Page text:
Erotica showed that the ability to continue to get mileage out of eighties-style radio dance-pop was basically at an end (it sold half what Like a Prayer had, and that led to the ballad-heavy, torpid record. The gambit worked in the short-term7, with Bedtime Stories making up some of the sales lost before Erotica, but it also placed Madonna in the position of being thought to be a spent force, incapable of producing as she had. She was, in short, an underdog again, and that left her in a position to come up with something that reinvented her sound in a way that captured the market based on surprise once more.
The upshot of all of this is that she developed an elder-statesman quality in the late nineties that resulted in a pair of albums – Ray of Light and Music that were her most breathlessly-received, selling 31 million copies between them, yielding hits and critical acclaim and rewards8. She seemed unstoppable, indomitable. And then she stopped being an underdog, and she started floundering.
Music’s follow-up was, in contrast to the previous records’ slobbering press reception, the wanly-praised (when it was praised at all) American Life9. Moving a bare fraction of the records that Music did (actually, it didn’t even sell as many records as the sales dropoff between Ray of Light and Music, which says more about the astonishing saturation of Ray of Light than it does about American Life), it seemed to have the ability to position Madonna as the underdog again, as Bedtime Stories had previously. But the follow-up, Confessions on a Dance Floor, didn’t really pay out, and then the record-selling industry basically fell apart, and that did not bode well.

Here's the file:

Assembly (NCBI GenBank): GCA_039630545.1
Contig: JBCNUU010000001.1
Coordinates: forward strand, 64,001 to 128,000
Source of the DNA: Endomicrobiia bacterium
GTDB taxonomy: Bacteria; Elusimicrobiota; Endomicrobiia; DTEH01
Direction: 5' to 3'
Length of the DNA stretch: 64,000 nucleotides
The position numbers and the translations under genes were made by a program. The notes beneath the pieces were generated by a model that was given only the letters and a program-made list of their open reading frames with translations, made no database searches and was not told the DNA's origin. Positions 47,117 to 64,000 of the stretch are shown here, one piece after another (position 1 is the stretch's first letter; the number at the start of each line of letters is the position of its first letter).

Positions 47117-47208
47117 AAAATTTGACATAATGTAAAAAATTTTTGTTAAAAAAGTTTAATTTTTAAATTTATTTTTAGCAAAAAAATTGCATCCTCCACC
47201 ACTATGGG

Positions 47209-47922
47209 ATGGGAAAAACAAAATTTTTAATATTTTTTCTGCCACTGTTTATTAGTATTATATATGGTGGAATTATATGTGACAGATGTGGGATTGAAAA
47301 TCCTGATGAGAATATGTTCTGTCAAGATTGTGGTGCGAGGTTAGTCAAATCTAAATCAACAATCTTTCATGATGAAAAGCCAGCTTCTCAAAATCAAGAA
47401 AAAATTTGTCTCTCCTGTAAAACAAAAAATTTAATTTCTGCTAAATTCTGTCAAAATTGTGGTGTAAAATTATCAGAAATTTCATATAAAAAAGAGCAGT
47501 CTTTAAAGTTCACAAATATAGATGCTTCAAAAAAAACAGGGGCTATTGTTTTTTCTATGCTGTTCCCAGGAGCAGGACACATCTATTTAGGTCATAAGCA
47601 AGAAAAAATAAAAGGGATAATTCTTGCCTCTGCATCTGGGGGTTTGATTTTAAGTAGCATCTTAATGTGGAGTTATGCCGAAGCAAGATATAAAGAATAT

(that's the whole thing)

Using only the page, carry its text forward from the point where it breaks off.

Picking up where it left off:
A phenomenon like Madonna is a difficult one to create and maintain – the marketing-focus and the drive can start with one person, but it takes a lot of backing to create the repetition necessary to make it happen. By being so focused on the advertising/repetition/image creation end of her own craft, Madonna made an attractive investment for labels, who didn’t have to worry about the music any more than she did, since it was never really the point. She made a lot of money for Warner Bros, which encouraged them to keep promoting her, which meant she made them more money. Eventually, starting ten or so years ago, it became almost completely impossible to sustain the kind of fire that powered a Madonna album – the monocultural unification required for her to assemble the producers and tracks that would make the record sound like a distillation of the current pop music environment no longer existed, and so her records became more fractious, and leaned harder on the personality of Madonna herself. That became difficult because, for all of Madonna’s charisma as a performer and Person Who Says Stuff in the Media, she’s a deeply unpleasant person, prone to saying things to cause outrage above all else and, of course, also can’t sing. Still.
So by the time of Hard Candy, which was more notable for being the last album on her Warner Bros contract than for any particular musical virtues10, the ability to galvanize people around their opinions on Madonna was basically gone. 2008 was something of a low point in music promotion, as the Powers That Sell hadn’t yet switched their whole focus to singles as quickly as the Powers That Buy had (that is to say: people were already buying individual songs, but the record-sellers were still pushing whole albums), which made it even harder to generate a career out of nothing but marketing buzz.
The follow-up to Hard Candy, MDNA, yielded a minor controversy in the form of a dust-up with Deadmau5. It had a Super Bowl appearance behind it, and took a social-media approach that would have been novel if it hadn’t been the same approach used by every fucking band without label support (seriously, you have somebody right now in your Facebook feed that is promoting their band with it. It’s not only ubiquitous, but it barely even counts as a strategy), or if it had worked at all11. If, however, the goal of American Life was indeed to scorch the earth for an entirely new crop, that worked, because it outsold it almost 2:1.